The last piece of the organization puzzle is to know who’s in charge of what on your team. When you’re working on a client’s site, it’s critical that you know else is currently involved or has been in the past. Then if you have questions pop up about the custom code or past design decisions, you’ll know who to turn to. This can also help you smooth out your workflow by establishing who should be working on what, and when. For example, maybe one person on the team is in charge of mockups and design, then the project gets passed off to the developers. At every step of the process, your team should know who’s involved and who needs to sign off on it before it moves onto the next step.
Now that you’ve got some ideas on how to stay organized, let’s talk about the tools to get the job done.
How to find the right tools for your agency
As you can tell, time is incredibly important when managing multiple WordPress sites. The more you can streamline your process with the right tools for the job instead of relying on your team to manually perform tedious tasks, the better you’ll be able to optimize your workflow. While every client will have their own unique site requirements, you might want to consider creating a “toolbox” for your team of the themes and plugins that you regularly use. For example, are there any plugins you install on every site you create, such as Jetpack or Yoast SEO?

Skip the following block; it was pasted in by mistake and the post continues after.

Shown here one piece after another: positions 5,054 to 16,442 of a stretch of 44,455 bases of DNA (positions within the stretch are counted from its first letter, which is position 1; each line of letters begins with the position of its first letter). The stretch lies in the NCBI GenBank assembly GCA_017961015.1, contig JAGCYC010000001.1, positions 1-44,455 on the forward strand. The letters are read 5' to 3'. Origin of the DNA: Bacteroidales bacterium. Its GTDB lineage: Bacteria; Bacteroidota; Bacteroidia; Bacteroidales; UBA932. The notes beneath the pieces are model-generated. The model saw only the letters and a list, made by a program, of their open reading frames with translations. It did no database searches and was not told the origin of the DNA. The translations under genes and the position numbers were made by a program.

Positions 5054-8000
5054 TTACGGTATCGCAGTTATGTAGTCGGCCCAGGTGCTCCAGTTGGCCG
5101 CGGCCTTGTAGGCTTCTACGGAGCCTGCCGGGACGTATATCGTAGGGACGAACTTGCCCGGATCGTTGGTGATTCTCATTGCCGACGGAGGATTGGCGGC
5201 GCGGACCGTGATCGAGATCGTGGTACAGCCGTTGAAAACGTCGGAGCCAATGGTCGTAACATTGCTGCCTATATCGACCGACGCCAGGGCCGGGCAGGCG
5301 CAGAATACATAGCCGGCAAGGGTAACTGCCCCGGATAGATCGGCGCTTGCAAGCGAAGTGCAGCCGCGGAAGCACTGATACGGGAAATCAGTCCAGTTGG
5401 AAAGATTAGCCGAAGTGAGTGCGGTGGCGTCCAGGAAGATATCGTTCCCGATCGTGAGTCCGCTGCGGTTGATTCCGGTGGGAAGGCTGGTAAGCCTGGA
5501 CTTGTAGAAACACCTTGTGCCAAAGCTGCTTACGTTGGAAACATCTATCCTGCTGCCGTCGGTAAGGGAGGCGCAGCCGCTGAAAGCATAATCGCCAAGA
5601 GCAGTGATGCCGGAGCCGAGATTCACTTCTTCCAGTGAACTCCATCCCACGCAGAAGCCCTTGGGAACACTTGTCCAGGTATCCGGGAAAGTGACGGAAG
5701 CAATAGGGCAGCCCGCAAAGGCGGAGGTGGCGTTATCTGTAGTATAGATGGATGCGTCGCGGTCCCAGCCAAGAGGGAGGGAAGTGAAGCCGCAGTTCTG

Create a (well-organized) folder and store all of the zip files for these plugins in it. Then, the next time you create a site, you can click, drag, and install your go-to plugins super quickly.
As for themes, when you find certain templates that are easy to customize or companies that offer stellar support, add them to the toolbox also. Then when a client comes to you needing an eCommerce site, instead of digging through the thousands of themes out there, you can turn to your curated list to simplify the process.
Once you create your toolbox, don’t forget to update it periodically. If a new version of a plugin is released, make sure you update the zip file in your folder. If you run into problems with a theme, take it out of the toolbox so you don’t repeat the same issues. And as you discover new products that you love, be sure to add them so you can install them for a future site. The toolbox is meant to be a guide, not a limitation. Keep it fluid and allow the tools inside to change over time.
Every agency operates a little differently, so the optimum workflow for your team may look a little different than the agency’s down the street. Just find what works best for your team, and if something doesn’t seem to be working, invest the time to find a better solution. It’ll definitely pay off as you continue to scale.
These tips are useful, but they’re just the beginning of what it takes to manage lots and lots of WordPress sites. From managing servers to struggling with security plugins, these non-billable burdens are pieces that you and your team don’t have to manage. In six chapters, this ebook will cover everything from mastering site performance for every single client to embracing growth and drastically scaling your agency (in a cost-efficient way!).